As with any unit tests, you can isolate the component or layer that you are testing—in this case, the user interface—by providing a fake business layer. This layer should simply log the calls and be able to change states so that your assertions can verify that the user interface passed the correct calls and displayed the state correctly.
You might think this isn’t one of those cases where you can realistically write the tests before you write the code. After all, you have to create the user interface before you can record actions in the Coded UI Test Builder.
This is true to a certain extent, especially if the user interface responds quite dynamically to the state of the business logic. But nevertheless, you’ll often find that you can record some actions on buttons that don’t do much during your recording, and then write some assertions that will only work when the business logic is coupled up.
Coded UI tests: are they unit or system tests?
Coded UI tests are a very effective way of quickly writing a test. Strictly speaking, they are intended for two purposes: testing the UI by itself in isolation (with the business logic faked); and system testing your whole application (which we’ll discuss in Chapter 5, “Automating System Tests”).
But coded UI tests are such a fast way of creating tests that it’s tempting to stretch their scope a bit. For example, suppose you’re writing a little desktop application—maybe it accesses a database or the web. The business logic is driven directly from the user interface. Clearly, a quick way of creating tests for the business logic is to record coded UI tests for all the main features, while faking out external sources of variation such as the web or the database. And you might decide that your time is better spent doing that than writing the code for the business logic.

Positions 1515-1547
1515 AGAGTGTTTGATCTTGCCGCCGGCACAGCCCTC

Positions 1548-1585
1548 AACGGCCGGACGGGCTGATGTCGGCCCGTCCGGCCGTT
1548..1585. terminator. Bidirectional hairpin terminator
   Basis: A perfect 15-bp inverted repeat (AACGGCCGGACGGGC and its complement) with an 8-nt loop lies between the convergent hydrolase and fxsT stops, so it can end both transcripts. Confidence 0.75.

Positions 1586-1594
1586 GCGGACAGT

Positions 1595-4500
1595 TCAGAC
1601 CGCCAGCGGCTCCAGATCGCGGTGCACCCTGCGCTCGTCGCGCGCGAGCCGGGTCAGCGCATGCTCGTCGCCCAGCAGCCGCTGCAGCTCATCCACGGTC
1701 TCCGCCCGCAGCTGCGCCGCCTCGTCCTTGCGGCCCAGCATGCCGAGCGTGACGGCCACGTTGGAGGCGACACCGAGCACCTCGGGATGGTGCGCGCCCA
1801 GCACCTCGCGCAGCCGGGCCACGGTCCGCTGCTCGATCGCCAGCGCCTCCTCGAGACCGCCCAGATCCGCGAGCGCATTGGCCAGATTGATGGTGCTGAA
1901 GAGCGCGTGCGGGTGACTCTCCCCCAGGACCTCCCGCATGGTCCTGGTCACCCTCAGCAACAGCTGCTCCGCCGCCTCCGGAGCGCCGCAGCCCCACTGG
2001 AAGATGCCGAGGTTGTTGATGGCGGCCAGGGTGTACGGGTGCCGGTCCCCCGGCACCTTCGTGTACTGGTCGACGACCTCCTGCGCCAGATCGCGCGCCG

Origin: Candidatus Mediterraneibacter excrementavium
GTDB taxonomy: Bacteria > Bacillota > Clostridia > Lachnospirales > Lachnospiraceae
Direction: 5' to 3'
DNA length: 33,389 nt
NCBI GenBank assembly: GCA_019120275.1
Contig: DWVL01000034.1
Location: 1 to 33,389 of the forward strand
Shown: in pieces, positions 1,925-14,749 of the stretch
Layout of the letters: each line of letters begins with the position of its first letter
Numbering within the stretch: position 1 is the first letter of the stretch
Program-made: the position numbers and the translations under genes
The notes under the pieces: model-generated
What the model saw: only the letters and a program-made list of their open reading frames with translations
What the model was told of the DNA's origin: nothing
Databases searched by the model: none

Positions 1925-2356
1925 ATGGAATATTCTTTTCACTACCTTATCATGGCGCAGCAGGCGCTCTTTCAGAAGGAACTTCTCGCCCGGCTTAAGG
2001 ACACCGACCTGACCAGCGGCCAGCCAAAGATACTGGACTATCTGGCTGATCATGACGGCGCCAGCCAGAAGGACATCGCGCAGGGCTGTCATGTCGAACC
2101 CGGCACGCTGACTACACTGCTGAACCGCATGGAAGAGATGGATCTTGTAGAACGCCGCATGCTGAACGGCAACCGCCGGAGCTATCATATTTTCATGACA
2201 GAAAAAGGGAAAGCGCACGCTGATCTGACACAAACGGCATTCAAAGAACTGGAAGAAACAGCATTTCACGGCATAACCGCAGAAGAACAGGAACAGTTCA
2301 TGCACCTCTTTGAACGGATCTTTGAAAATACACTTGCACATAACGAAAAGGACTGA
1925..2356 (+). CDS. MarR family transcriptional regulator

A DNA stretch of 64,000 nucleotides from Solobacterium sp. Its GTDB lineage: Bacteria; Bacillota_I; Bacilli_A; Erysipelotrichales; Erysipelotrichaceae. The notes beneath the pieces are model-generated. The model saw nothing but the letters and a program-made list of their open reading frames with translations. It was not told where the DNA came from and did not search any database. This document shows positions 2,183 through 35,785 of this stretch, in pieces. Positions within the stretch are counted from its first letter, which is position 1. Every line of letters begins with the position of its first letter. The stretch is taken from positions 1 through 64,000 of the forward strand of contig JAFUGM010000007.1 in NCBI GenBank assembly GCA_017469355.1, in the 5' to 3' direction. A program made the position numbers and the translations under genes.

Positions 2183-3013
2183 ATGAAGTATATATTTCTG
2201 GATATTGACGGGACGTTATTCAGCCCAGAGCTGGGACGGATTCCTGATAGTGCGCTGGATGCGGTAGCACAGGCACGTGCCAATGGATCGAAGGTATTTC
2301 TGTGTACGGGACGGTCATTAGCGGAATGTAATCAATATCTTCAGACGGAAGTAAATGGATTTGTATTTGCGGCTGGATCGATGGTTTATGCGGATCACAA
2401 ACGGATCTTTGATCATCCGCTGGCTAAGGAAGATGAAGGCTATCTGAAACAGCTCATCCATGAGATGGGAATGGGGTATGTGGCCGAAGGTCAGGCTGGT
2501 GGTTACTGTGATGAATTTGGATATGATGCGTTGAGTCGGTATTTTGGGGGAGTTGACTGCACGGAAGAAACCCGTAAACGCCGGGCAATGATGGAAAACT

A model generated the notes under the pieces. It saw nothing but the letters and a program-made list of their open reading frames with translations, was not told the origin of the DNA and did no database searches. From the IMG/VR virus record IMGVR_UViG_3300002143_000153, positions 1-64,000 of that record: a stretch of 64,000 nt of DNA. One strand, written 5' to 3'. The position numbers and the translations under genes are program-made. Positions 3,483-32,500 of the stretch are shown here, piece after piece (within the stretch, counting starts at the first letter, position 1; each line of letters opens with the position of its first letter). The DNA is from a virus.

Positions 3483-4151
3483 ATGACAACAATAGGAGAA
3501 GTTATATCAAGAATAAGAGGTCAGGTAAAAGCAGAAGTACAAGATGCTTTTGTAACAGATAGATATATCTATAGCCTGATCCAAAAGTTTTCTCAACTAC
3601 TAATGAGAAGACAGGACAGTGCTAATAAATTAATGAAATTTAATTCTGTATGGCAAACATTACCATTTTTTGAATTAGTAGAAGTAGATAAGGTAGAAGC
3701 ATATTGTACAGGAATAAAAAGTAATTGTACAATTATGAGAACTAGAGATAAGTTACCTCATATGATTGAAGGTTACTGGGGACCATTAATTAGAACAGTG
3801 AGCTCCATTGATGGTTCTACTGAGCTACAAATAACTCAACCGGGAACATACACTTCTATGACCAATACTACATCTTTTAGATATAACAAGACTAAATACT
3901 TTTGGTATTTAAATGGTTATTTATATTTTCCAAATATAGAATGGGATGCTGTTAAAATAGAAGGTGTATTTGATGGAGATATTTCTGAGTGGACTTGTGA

Cover your ears for a moment against the screams of the methodology consultants. What’s agonizing them is that if you were to test the business logic by clicking the buttons of the UI, you would be coupling the UI to the business logic and undoing all the good software engineering that kept them separate. If you were to change your UI, they argue, you would lose the unit tests of your business logic.
Furthermore, since coded UI tests can only realistically be created after the application is running, following this approach wouldn’t allow you to follow the test-first strategy, which is very good for focusing your ideas and discussions about what the code should do.
For these reasons, we don’t really recommend using coded UI tests as a substitute for proper unit tests of the business logic. We recommend thinking of the business logic as being driven by an API (that you could drive from another code component), and the UI as just one way of calling the operations of the API. And to write an API, it’s a good idea to start by writing samples of calling sequences, which become some of your test methods.
But it’s your call; if you’re confident that your app is short-lived, small, and insignificant, then coded UI tests can be a great way to write some quick tests.